So let’s face it: there are weapons that, in TF2 are just better than their stock counterparts for a multitude of reasons. As aabicus mentioned in his article, there are only a handful of weapons that are objectively better than their associated stock weapons. However, we’re here to talk about ones that, while they are not objectively better, are better in almost every conceivable scenario. So let’s get right into it.
Me Petite Chou Fleur. The Ambassador has been in the game for a very long time, and is basically the staple of upper-level/competitive Spy play. Knives are (usually) variable, but most advanced Spy players rely on this weapon as their primary direct combat option. It’s big, it’s loud, it’s freaking awesome.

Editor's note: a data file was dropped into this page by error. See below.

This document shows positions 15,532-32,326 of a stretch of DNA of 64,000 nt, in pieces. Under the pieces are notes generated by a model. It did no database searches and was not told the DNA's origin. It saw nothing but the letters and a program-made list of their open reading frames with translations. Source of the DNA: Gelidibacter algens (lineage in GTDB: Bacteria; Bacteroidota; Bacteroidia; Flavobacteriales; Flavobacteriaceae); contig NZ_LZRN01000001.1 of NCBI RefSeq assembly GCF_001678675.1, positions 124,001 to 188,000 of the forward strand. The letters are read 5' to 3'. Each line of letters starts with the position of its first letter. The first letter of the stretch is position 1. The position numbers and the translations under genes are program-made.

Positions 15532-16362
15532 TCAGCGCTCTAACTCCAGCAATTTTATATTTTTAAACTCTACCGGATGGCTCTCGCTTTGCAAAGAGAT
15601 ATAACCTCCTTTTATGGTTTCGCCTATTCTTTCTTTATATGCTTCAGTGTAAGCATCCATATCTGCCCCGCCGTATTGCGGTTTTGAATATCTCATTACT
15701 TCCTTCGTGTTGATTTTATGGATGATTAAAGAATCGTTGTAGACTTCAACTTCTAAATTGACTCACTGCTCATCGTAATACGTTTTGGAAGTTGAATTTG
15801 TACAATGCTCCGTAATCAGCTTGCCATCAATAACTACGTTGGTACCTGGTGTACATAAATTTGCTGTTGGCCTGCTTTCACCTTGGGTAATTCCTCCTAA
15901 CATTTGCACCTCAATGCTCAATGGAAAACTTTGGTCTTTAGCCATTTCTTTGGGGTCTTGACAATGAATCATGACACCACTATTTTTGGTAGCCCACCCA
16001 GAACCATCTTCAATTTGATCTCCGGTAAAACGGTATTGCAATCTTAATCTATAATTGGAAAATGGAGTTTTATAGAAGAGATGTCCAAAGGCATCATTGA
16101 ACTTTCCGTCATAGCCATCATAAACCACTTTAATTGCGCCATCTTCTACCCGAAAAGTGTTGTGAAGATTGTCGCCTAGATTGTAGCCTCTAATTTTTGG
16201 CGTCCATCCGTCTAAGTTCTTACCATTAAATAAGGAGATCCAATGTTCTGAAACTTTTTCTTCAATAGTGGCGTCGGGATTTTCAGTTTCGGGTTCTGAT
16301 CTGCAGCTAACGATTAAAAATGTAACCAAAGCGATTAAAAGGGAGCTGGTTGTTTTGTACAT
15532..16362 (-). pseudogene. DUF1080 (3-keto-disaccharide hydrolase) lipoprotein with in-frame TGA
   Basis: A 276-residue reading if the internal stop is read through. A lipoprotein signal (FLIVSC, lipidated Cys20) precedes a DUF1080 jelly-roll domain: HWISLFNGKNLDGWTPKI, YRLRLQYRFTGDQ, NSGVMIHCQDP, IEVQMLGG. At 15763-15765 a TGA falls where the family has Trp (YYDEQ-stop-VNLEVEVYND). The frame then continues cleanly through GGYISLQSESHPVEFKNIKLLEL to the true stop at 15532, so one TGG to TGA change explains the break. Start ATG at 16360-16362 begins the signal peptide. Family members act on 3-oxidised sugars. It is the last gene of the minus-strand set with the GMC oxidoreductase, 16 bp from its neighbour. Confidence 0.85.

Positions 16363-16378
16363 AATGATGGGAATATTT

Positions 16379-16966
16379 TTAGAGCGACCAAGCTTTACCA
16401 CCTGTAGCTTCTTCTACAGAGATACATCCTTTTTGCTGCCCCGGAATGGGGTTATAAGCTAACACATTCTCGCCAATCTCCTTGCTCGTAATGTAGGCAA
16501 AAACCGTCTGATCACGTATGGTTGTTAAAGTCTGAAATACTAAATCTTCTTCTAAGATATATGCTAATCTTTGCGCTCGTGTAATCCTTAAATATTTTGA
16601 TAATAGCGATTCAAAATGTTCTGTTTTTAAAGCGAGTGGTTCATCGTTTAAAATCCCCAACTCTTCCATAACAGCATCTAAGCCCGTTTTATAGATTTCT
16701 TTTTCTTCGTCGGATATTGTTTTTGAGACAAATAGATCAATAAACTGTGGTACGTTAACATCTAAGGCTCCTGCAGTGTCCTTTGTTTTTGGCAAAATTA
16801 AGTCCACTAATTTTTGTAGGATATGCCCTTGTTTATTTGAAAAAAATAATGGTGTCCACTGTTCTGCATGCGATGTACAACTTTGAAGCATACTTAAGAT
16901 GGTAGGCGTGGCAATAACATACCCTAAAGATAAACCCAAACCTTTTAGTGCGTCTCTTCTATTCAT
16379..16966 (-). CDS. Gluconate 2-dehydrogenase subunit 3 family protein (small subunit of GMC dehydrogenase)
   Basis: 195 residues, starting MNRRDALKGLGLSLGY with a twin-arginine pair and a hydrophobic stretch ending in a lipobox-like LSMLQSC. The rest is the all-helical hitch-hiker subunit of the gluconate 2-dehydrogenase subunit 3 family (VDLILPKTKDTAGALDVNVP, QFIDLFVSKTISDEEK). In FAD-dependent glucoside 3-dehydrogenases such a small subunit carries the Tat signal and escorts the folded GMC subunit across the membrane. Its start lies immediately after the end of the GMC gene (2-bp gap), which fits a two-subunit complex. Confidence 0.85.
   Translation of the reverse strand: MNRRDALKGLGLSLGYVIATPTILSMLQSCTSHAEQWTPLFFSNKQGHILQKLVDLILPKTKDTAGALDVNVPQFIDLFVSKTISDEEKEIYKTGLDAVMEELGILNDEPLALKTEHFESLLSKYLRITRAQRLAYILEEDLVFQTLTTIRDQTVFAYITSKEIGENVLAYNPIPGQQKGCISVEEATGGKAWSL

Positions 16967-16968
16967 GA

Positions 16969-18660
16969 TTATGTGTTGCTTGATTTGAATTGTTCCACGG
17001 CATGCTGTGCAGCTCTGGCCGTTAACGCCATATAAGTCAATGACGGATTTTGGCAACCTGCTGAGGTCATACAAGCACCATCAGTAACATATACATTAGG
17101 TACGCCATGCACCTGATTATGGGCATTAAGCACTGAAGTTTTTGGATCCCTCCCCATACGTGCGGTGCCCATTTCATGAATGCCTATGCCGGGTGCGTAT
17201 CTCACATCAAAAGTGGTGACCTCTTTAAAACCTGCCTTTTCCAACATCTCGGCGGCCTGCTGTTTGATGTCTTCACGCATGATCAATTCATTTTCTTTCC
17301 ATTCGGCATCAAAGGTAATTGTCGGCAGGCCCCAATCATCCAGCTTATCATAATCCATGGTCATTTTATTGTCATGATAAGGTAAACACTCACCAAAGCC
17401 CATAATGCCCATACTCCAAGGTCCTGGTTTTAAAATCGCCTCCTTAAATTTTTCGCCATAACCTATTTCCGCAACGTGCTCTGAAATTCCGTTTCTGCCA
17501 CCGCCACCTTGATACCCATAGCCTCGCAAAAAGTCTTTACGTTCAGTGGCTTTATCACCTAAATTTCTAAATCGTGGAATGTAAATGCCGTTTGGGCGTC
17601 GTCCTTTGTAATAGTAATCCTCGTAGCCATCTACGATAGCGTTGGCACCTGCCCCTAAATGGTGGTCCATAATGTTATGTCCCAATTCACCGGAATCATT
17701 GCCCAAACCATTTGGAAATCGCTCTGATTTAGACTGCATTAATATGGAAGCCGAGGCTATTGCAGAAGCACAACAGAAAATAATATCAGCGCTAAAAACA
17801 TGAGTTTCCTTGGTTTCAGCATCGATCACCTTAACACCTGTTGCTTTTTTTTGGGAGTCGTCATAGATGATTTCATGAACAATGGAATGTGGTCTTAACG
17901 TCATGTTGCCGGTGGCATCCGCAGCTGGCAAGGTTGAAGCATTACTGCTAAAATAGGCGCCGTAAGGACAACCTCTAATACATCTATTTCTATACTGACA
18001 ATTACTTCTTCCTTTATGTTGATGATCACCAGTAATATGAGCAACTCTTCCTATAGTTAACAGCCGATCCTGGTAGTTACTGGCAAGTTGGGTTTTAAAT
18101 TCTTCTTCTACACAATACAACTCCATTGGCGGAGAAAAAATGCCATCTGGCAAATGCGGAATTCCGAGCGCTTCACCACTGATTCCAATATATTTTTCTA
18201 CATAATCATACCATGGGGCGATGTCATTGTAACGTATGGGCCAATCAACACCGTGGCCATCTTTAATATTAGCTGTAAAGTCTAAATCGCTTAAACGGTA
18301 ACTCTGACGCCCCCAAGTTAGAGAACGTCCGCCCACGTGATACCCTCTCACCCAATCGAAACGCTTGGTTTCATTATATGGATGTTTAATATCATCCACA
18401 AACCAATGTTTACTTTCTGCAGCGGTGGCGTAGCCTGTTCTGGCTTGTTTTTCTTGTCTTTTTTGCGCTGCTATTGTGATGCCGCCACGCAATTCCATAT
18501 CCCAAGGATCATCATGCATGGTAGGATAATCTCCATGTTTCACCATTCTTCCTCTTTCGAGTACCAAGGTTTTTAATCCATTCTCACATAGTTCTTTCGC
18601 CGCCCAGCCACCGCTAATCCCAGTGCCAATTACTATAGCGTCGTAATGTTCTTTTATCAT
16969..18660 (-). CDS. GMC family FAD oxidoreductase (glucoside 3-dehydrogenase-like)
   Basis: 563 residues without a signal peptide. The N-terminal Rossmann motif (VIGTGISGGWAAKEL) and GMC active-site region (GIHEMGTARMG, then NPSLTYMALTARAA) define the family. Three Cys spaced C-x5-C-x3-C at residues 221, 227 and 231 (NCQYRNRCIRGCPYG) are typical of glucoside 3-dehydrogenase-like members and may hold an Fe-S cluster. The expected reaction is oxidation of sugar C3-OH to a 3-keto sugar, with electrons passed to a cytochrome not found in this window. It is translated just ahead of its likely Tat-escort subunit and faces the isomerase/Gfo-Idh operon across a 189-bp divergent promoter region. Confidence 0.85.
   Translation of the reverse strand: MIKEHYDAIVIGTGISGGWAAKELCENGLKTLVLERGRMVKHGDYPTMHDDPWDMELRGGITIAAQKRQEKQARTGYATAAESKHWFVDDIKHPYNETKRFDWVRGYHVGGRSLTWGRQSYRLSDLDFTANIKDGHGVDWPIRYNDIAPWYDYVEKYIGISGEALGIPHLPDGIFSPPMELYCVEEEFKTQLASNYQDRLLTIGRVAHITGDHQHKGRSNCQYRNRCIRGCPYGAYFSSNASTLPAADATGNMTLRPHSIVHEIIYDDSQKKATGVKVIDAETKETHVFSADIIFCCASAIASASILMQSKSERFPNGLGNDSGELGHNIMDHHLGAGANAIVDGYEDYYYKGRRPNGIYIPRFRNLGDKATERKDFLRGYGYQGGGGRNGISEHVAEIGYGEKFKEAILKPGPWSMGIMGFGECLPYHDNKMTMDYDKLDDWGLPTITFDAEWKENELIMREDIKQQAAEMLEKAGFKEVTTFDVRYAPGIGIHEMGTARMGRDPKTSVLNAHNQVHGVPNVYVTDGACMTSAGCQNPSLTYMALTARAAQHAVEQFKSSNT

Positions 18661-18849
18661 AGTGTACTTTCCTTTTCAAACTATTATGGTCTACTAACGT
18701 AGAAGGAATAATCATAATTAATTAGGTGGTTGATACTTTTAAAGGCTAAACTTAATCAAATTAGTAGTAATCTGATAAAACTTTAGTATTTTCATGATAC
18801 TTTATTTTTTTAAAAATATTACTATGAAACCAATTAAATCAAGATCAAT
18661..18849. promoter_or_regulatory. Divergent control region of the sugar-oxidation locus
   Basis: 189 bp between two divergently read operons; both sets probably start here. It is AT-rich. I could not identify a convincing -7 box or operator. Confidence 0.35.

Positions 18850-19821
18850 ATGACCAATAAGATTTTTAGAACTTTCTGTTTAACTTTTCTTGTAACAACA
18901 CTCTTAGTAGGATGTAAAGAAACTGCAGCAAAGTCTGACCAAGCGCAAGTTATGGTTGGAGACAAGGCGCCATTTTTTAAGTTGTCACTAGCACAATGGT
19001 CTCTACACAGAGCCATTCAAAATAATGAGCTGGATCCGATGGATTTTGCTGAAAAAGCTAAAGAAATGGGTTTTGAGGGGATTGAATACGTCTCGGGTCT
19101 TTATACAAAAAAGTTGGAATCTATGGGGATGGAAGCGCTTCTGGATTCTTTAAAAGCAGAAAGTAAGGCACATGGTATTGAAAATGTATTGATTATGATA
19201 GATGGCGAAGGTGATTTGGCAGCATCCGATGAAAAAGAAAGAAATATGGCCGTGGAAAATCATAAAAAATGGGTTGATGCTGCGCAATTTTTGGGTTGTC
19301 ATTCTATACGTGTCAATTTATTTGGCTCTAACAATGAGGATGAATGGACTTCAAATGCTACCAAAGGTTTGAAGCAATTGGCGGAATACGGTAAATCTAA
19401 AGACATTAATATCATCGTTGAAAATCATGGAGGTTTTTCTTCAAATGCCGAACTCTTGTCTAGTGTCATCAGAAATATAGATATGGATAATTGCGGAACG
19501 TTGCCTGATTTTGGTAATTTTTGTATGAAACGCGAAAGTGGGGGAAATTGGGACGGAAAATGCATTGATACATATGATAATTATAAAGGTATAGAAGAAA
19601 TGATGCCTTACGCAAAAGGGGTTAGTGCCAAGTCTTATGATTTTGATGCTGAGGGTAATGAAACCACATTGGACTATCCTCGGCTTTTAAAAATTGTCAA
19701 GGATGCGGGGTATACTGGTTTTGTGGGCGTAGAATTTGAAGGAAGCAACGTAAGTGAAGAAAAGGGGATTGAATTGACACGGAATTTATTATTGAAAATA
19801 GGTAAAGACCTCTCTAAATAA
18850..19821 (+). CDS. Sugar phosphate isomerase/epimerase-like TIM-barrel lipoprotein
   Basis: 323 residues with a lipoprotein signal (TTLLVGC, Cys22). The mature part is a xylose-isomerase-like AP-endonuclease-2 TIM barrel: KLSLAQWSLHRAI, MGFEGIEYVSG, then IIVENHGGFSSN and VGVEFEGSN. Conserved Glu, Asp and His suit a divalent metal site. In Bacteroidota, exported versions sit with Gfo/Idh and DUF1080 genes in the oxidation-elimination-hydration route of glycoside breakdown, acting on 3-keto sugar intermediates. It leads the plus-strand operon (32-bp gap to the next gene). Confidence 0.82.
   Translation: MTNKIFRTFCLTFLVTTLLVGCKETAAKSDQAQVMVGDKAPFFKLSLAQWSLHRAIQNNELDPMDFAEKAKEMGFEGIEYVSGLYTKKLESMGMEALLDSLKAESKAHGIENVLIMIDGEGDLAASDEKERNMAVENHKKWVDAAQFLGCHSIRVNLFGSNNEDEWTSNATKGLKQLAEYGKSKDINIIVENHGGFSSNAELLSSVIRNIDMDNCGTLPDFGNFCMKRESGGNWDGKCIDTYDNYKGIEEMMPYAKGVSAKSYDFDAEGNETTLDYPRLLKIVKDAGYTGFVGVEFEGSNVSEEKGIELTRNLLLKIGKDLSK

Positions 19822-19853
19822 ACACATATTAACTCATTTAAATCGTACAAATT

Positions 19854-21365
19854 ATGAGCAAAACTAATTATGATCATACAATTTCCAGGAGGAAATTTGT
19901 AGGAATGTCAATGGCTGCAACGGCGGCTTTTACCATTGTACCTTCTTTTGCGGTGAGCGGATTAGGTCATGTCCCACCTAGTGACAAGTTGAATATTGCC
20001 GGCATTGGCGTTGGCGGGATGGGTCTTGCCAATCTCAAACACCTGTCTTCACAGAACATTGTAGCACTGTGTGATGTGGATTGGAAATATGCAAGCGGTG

There you have it. Of course, there are about a dozen other things worth noting about the Ambassador that the stat card fails to mention, such as it’s perfect accuracy after each “cooldown” period, and how it can only achieve headshots while not on this cooldown period, and that it cannot randomly crit. Functionally, it seems weaker than the default Revolver, which in it’s own right is a powerful weapon. 15% damage means that crit headshot deals 102 damage, not 120. 20% slower firing speed means it can’t achieve quick, close range kills. But then again… 102 damage is a lot. If we think about it like this, 102 damage is enough to kill 8/9 classes at less than 1/2 health, and 8/9 classes in two consecutive headshots. Granted, from point blank range, you can down a Sniper, Spy, Engineer, or Scout in three shots with the Revolver in just about as much time. If ammo has ever been a concern to you (it hasn’t), then the Ambassador is certainly more economical. Of course, the key difference between the two is that the Ambassador has a massively increased functional range compared to the default Revolver. And, it still does 51 damage close up, nothing to shake a stick at.